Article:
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Film Don’t Lie: The value of setting a good screen

I take a look at another aspect of the Pistons offense that is contributing to the struggles

Detroit Pistons v San Antonio Spurs Photo by Ronald Cortes/Getty Images

As I said in my article about the Detroit Pistons off-target passing, there is plenty of blame to go around for the early season offensive struggles. While this team has definitely had some better stretches as of late, there are still plenty of bad quarters that is keeping this young squad from notching a couple more wins. I understand where the team’s “restoration” is, and winning games is not the most important factor. Instead, the team is focused on development ad night-to-night improvement. With that said, an area I would like to see this team improve is setting screens.

I know a lot of people will argue that this team simply does not have the “type” of players to be effective screeners. I understand that, I truly do, and until the Pistons roster has a couple of those players we may not see major improvements. However, that does not mean we can’t see improvement from current members of the roster. Yes, not having a certain size or build is going to limit your effectiveness as a screener, but I still think this is an area the team can place an emphasis on getting better. Of course, it doesn’t help that the team has played major minutes without the two guys that are the best screeners on the team. As you know, I don’t often use stats in my breakdowns, but I thought it would be good to provide some quantitative data when discussing effective screen setting.

The best team in the NBA at “screen assists points” per game is the Portland Trail Blazers at 29.7. The NBA team average is 20.7. The Pistons are the second-worst team in this area with a paltry 14.7. When I looked at this stat individually, I used per 48 minutes averages, and as everyone might assume, the Pistons are led by Isaiah Stewart with 12.3 screen assists points per 48 minutes. Second on the team is Kelly Olynyk with 9.4, followed by Luka Garza and Trey Lyles, at 8.1 and 5.6, respectively. No other member of the Pistons roster averages more than two per 48 minutes. So, how do those numbers compare individually to the rest of the NBA? The 12.3 for Stewart puts him at No. 58 in the entire association. Alex Len leads the league with 26.7, and I’m sure some are wondering about old friend Mason Plumlee who comes in ahead of Stewart as well at 12.9. Looking at the league leaders is where the “Pistons simply don’t have the right body type” argument carries a lot of weight (no pun intended) as you go through that list you find the likes of Len, Nurkic, Adams, Kanter, etc.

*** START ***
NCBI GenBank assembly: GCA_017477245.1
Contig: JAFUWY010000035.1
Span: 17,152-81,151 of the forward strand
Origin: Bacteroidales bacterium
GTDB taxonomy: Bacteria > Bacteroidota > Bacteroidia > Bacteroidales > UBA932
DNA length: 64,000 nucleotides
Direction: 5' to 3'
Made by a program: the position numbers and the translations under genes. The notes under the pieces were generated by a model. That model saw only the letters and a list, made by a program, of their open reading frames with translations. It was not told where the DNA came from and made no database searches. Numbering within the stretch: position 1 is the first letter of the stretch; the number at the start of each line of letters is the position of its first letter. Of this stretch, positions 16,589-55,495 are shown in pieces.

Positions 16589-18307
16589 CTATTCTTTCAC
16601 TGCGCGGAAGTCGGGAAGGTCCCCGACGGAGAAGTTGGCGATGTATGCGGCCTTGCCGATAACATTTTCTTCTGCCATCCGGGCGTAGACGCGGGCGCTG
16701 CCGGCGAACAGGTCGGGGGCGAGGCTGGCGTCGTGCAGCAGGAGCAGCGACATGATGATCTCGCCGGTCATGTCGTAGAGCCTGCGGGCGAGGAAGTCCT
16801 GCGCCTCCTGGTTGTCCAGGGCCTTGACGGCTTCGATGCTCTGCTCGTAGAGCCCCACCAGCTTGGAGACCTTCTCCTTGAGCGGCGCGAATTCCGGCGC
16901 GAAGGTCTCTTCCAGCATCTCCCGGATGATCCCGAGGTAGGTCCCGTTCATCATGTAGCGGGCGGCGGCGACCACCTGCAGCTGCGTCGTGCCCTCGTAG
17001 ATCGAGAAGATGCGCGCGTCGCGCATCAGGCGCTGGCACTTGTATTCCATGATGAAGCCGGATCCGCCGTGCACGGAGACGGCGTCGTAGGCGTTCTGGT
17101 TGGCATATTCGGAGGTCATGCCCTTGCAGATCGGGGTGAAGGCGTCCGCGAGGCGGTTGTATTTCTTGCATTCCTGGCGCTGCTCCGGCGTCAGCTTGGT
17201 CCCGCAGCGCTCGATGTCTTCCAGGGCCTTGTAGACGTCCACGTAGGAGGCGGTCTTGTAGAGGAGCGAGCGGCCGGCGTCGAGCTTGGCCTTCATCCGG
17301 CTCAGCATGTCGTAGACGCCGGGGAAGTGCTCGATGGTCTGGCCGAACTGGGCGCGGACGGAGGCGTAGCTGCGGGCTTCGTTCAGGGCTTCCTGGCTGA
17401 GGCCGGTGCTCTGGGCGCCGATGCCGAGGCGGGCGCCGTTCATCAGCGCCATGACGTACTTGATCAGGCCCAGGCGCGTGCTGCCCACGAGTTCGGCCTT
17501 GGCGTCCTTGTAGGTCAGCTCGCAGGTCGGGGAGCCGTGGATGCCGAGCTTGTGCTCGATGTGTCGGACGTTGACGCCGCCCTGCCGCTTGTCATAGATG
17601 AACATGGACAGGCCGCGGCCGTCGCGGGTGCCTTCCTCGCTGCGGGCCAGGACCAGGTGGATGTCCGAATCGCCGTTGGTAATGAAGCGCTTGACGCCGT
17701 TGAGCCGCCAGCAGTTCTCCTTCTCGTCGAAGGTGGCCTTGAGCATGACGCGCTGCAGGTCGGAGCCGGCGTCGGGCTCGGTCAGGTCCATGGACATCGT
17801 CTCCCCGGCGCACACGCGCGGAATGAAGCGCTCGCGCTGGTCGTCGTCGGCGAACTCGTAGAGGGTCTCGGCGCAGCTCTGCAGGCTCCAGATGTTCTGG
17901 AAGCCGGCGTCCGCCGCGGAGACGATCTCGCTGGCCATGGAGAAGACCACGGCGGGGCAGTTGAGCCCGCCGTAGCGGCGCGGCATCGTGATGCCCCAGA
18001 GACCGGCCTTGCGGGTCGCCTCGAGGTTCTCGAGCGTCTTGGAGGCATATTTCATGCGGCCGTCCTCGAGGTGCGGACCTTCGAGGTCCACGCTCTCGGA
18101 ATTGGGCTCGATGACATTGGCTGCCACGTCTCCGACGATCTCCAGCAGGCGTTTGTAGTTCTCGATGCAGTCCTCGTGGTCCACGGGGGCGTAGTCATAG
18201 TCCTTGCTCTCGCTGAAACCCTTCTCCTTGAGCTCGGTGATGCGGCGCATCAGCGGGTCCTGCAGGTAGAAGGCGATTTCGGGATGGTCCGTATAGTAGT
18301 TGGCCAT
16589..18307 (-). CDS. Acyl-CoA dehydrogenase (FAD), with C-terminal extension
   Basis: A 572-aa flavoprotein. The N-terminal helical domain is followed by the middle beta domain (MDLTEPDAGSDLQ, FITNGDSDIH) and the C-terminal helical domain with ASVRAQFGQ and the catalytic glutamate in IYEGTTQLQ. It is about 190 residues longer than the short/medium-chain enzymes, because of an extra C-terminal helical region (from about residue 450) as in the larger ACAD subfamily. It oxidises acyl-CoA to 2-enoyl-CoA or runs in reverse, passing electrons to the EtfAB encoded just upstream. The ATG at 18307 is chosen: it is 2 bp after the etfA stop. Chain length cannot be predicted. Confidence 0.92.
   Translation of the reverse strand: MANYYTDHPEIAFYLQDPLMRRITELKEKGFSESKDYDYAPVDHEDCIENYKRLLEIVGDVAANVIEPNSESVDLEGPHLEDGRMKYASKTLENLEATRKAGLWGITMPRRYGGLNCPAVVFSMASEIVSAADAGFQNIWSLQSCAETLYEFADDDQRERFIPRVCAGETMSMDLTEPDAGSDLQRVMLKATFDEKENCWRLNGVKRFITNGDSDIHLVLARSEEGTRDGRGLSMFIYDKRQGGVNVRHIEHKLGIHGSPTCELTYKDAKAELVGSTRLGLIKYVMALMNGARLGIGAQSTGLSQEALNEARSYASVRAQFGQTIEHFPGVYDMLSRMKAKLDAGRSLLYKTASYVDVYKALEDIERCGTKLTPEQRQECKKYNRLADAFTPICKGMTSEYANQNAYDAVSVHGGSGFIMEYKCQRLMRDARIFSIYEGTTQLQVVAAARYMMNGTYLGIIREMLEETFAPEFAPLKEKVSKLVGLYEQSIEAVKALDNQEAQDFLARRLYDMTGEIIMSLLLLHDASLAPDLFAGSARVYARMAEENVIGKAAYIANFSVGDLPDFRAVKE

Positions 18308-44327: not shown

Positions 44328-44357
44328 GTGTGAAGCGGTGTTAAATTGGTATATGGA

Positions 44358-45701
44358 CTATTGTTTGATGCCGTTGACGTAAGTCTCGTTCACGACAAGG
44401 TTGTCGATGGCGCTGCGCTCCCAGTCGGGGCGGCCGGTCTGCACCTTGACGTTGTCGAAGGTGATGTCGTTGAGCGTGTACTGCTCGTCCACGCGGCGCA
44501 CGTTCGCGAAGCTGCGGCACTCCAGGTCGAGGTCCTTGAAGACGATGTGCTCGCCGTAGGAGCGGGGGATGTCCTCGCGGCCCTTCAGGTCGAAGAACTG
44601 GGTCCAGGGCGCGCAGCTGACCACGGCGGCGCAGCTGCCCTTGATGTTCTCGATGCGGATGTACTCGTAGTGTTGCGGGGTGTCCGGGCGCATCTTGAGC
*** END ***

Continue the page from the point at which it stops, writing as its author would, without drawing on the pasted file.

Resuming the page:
We have seen Stewart miss some time recently, Olynyk has been out for some time with a knee injury, and Garza is a development guy who plays sporadically. I don’t see the team adding one of those types of players who is currently in the top 25/30 in this category during the season. Perhaps it is something the team will address in the off season. So, is there anything the current roster can do to show some improvement? I think there is, and I will go to the film to show you.


The “old school” High School coach in me wants to see the Pistons set a solid on-ball screen every time where the defender runs right into their chest. As much as I would love that (and highlight a possession where Bam does it for the Heat), I understand that you don’t have to do that every screen to gain advantages. The problem for the Pistons right now is they are setting far too many on-ball screens where there is very, very little to no contact at all and thus the ball handler is gaining almost no advantage from the screen. Once again, I respect and understand that personnel does play a role in this, BUT I still feel that with better positioning and moving their feet instead of just leaning into the defender we could see some better results. I don’t dive into as much but I also wonder if the ball handler could help in some of these situations as well to help them be more effective.


Screens away from the ball are where I really feel like any player, regardless of body type, can have an impact. By putting your body in the correct position AND reading the defender and how they are going to get through the screen, you can take a step up or step down and help your teammate get a better look. For me, just like the on-target passing, this is something that could help the Pistons’ shooting woes by aiding in getting better and more open shots. I also highlight that because the Pistons defense knew the Heat were going to set good off-the-ball screens, it opened up the Heat offense and got them a couple easy looks.

I know there are all sorts of areas for improvement for this Pistons offense and understandably so for how young they are and we are still fairly early in the season. I am not saying they should be perfect in all these areas I highlight but I do like to take a look and then follow the rest of the season to see if we start to see some small improvements. This is yet another area we can watch for as the season progresses.